Ahem. Getting off track.
This year has seen some massive changes in my life. Massive. Whom do you tell first? To whom must you speak privately before it’s a gaffe to talk about it on the Book of Face? Which things do you talk about? Which are none of the public’s business? How do you write publicly about private subjects that you nevertheless feel you should be open about for the greater good? (Pause while you echo, “The greater gooooooood.”)
Which is all to say that, finally having satisfied the (I believe) expected protocol of letting my private feed in on some of the massive things I’ve been working on this year, I think it is now acceptable to speak in public spaces as well.
As I stated some weeks ago, I finally escaped my own personal Hell in Arizona. To put it delicately, that Hell consisted of more than simply the location. It was ruled over by a particular person with whom I am no longer legally entangled, as of this month. Consider the suggestion box open as far as what type of cake is most appropriate for celebrating Sweet Sweet Freedom.
Big things happened on the road to that escape; it’s been a busy year. The upshot is that I am in a much better place, surrounded by good people, I’m safe and happy, and I’ve just finished editing the w-i-p – which is now no longer a w-i-p! This final draft is ready to be shopped, baby.
Onward and upward.
A while back, I made a post about my friend Jamie Wyman’s Kickstarter campaign to publish the sequel to her urban fantasy novel Wild Card. We got it done and the world has since been enriched by the existence of that sequel — Unveiled.
So guess what?
IT’S TIME FOR BOOK THREE.
Guys, I’m so excited about this series I can’t even tell you how excited I am. We’ve got trickster gods, we’ve got technomancy, we’ve got romance and good old UST. We’ve got explosions, break-ins, swordfights, smart-mouthed satyrs, female IT professionals with attitude, PLOT TWISTS, and we’ve got all of this happening in modern-day Las Vegas to the running narrative of a heroine with a snarky inner voice that just gets snarkier the more the gods decide to mess with her.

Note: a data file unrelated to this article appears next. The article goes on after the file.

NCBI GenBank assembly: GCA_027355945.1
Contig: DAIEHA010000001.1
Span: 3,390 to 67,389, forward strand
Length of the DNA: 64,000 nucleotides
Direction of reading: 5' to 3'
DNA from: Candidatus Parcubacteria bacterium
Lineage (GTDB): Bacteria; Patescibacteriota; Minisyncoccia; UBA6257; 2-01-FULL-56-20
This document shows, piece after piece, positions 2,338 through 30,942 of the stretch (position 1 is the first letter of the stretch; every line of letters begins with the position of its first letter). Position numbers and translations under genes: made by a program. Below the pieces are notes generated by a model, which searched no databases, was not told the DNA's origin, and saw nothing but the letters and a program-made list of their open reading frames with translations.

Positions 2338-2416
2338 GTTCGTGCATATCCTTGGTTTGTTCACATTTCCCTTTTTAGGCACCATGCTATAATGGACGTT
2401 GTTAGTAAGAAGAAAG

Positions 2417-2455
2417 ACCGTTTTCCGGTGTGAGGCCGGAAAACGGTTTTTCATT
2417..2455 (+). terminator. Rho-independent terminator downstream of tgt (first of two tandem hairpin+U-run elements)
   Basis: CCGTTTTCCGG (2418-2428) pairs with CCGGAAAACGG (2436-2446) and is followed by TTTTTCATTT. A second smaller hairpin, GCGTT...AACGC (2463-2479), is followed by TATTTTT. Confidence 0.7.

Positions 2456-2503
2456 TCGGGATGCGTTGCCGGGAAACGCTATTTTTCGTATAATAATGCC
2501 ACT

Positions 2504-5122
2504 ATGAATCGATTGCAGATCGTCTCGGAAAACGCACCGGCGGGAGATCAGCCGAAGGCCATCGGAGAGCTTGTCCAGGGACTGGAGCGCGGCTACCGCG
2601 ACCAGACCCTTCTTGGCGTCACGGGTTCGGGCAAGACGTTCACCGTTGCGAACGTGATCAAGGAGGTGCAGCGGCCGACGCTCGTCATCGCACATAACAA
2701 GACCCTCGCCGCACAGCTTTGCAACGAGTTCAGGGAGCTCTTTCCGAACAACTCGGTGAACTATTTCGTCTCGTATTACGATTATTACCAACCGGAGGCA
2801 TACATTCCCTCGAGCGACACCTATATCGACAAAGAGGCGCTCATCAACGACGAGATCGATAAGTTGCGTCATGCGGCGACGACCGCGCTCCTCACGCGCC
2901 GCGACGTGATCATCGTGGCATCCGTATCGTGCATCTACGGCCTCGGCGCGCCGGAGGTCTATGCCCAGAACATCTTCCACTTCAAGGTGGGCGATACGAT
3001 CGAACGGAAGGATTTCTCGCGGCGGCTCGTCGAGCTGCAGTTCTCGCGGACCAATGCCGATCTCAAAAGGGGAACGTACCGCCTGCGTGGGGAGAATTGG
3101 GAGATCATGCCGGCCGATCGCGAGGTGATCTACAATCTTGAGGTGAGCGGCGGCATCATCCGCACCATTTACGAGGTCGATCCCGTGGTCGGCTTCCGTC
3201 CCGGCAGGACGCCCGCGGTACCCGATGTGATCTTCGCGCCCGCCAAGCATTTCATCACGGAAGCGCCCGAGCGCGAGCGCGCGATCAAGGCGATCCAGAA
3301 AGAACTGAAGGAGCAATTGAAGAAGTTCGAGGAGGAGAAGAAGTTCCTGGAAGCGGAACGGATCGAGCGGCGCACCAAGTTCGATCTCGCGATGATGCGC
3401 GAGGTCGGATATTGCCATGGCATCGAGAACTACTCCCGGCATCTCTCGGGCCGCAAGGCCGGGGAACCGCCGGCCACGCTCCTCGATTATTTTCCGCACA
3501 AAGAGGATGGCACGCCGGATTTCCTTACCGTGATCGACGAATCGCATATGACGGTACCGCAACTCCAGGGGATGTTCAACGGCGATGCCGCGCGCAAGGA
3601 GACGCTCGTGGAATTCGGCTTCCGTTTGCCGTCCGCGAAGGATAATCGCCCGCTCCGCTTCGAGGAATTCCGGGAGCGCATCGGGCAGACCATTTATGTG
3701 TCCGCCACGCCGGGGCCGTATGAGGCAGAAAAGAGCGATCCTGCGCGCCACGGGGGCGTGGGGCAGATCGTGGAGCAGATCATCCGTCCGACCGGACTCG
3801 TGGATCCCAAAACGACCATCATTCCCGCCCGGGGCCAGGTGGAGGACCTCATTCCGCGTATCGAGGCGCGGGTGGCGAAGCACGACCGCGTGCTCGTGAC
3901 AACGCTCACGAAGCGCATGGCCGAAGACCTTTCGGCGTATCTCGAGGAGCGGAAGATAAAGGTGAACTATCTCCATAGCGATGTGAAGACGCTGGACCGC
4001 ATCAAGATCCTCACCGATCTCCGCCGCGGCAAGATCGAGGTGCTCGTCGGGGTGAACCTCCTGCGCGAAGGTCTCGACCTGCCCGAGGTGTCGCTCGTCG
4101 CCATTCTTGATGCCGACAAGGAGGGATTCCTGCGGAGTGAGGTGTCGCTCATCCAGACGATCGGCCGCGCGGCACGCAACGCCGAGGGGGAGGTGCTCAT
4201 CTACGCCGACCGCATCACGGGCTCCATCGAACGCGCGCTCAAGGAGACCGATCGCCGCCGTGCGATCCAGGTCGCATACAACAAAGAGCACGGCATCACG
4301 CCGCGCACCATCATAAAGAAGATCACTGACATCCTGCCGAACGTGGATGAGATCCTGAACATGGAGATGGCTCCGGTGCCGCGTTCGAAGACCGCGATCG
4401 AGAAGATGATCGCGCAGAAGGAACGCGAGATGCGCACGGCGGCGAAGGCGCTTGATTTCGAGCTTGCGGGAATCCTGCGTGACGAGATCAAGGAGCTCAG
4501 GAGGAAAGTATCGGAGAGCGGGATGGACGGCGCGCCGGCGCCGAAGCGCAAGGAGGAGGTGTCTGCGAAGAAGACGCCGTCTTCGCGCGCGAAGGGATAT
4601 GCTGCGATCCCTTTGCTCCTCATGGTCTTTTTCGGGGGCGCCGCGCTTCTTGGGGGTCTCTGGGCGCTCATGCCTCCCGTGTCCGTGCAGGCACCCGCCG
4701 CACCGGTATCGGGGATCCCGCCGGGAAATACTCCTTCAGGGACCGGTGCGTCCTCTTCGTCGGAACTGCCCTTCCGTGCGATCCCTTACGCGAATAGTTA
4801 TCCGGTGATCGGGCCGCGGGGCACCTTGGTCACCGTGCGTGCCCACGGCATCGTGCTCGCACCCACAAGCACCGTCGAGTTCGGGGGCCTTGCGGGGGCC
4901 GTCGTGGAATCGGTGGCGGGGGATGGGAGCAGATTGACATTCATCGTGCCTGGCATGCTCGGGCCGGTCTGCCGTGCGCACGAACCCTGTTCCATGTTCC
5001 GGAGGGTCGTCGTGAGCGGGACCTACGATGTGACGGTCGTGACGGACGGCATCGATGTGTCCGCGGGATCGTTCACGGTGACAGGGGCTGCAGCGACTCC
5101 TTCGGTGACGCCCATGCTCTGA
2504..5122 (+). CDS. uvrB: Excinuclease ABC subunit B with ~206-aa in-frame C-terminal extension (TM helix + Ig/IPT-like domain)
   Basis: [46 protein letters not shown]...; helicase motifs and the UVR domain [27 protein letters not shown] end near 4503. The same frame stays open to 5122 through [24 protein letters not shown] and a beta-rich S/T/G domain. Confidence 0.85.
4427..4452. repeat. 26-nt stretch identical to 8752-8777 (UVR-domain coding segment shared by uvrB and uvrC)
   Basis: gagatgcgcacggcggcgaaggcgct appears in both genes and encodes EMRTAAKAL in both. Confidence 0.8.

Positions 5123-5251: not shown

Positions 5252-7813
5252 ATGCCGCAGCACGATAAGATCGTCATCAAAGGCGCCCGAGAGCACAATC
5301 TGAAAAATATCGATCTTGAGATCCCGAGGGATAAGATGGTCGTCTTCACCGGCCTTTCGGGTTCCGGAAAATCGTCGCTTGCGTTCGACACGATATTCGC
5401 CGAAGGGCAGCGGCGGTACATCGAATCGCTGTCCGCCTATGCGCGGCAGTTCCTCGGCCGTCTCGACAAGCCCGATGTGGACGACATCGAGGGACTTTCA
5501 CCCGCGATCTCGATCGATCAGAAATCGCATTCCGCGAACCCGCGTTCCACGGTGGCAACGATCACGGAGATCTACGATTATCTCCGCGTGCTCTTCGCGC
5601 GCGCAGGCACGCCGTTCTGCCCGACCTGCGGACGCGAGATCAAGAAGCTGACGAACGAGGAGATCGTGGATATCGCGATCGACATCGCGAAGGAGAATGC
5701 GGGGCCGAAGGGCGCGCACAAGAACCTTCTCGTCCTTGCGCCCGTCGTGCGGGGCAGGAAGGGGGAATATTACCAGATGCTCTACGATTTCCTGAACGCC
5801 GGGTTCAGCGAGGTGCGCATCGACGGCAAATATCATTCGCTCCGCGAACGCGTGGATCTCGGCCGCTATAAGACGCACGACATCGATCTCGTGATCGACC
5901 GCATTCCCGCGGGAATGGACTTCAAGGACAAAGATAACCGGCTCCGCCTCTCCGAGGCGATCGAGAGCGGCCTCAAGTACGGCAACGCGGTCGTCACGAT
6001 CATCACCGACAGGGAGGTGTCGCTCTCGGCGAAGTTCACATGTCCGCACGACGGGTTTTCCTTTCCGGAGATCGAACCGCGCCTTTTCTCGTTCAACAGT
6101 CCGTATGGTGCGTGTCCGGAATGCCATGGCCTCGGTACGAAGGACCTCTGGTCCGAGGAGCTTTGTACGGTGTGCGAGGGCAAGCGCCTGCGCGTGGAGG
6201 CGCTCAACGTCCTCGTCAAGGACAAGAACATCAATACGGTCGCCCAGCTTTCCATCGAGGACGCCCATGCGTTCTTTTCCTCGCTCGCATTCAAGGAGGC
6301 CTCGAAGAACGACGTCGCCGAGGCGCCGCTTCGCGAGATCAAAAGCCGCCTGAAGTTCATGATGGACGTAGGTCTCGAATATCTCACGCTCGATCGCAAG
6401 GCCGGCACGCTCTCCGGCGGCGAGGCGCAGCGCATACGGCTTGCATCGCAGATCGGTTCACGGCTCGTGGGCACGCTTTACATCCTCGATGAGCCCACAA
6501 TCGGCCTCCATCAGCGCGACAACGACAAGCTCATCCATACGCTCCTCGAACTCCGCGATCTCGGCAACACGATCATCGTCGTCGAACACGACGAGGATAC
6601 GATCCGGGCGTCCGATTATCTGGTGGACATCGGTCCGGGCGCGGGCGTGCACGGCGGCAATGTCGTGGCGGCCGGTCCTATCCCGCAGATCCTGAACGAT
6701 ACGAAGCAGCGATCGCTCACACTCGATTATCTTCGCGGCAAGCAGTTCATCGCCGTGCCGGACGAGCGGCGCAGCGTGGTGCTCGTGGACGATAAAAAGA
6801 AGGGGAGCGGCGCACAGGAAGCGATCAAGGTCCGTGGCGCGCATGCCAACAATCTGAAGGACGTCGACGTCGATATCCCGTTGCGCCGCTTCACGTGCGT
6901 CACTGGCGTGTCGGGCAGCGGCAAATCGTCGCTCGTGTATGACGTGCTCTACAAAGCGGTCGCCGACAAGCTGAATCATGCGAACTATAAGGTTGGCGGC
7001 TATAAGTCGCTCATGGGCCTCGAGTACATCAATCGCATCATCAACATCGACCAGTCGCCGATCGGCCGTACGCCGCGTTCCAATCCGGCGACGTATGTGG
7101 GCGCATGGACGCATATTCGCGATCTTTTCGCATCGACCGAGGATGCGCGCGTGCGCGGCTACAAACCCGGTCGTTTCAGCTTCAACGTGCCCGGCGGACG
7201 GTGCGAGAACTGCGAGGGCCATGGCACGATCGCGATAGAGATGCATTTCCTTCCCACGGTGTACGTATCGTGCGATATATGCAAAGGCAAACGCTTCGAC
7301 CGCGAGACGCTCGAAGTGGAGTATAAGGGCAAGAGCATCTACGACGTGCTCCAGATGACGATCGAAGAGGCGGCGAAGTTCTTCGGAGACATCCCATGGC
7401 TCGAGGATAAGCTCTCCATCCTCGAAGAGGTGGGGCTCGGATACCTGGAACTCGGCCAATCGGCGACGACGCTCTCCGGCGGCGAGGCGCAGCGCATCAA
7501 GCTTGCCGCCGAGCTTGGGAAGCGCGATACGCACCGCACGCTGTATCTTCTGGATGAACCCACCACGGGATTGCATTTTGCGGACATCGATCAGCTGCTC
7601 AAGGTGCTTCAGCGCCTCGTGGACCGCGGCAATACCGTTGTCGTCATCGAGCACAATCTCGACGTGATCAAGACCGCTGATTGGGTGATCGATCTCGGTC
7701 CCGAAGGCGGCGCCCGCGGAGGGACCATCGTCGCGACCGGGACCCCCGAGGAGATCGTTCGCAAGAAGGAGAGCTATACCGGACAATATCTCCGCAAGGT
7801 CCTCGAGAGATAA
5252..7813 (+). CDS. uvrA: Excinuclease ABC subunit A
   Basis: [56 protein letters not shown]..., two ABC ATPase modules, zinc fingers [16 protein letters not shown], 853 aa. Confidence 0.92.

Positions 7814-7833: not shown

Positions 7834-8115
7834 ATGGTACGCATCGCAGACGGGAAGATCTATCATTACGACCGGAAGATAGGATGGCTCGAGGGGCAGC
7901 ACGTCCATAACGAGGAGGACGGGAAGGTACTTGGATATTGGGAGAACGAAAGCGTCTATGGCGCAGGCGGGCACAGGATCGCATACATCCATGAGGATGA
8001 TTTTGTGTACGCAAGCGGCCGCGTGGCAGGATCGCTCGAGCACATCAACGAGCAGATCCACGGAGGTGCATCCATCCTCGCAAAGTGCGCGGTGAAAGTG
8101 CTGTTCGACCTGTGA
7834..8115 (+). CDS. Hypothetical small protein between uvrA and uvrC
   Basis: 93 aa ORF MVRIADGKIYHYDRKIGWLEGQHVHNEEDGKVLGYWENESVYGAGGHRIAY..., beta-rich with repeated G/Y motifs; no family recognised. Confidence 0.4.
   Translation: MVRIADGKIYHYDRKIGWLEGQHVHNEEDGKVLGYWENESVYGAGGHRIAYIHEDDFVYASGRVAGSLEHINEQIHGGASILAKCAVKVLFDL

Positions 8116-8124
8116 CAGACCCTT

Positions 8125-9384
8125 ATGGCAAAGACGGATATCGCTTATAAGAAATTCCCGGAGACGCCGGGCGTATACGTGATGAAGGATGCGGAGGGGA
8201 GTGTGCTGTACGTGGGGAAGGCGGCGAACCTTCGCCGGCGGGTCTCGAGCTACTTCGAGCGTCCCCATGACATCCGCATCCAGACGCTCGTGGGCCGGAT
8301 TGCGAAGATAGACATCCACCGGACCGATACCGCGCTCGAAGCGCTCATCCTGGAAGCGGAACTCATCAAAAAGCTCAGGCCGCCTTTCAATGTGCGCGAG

What I’m trying to say is I really want to read the next book. Will you help make that dream a reality?
UNINVITED: The Third Book in the Etudes in C# Series
These books are so good. You won’t regret it.
This is my hair.
This is my hair on Pittsburgh humidity.
I have lots of questions.
It occurs to me that I haven’t updated the blog in so long that people probably think I’ve abandoned it. Or that I’ve invented a one-way time machine, noped out of 2015 for a year when we’re finally not still debating over whether some kinds of people should be considered objectively and legally better than other kinds of people, and will never be heard from again. Or that every device with which I connect to the internet was eaten by giant bear-sharks.
Happily, none of these are the case.
I have, however, been having an extraordinarily busy and stressful few months. The busy is finally over and the stressful soon will be too. By the end of this month, I should be in a position to write an actual update and then get on with business as usual. By which I mean, poking the blog with a stick every few weeks (rather than months) when I realize I should probably remind people that I exist.
So consider this post a placeholder. More to come.
But in the interim, I can drop one piece of good news: I am now a resident of Pittsburgh, PA. The desert and I are no more.
Relevant to me as a female author, but also as a human being living on Earth.
Why don’t men read books by women?
We could decide, as a culture, that all stories matter, and that a life in which we only listen to the stories told by a tiny slice of society is impoverished and wasted. Or, I guess, we could read A Farewell to Arms yet again.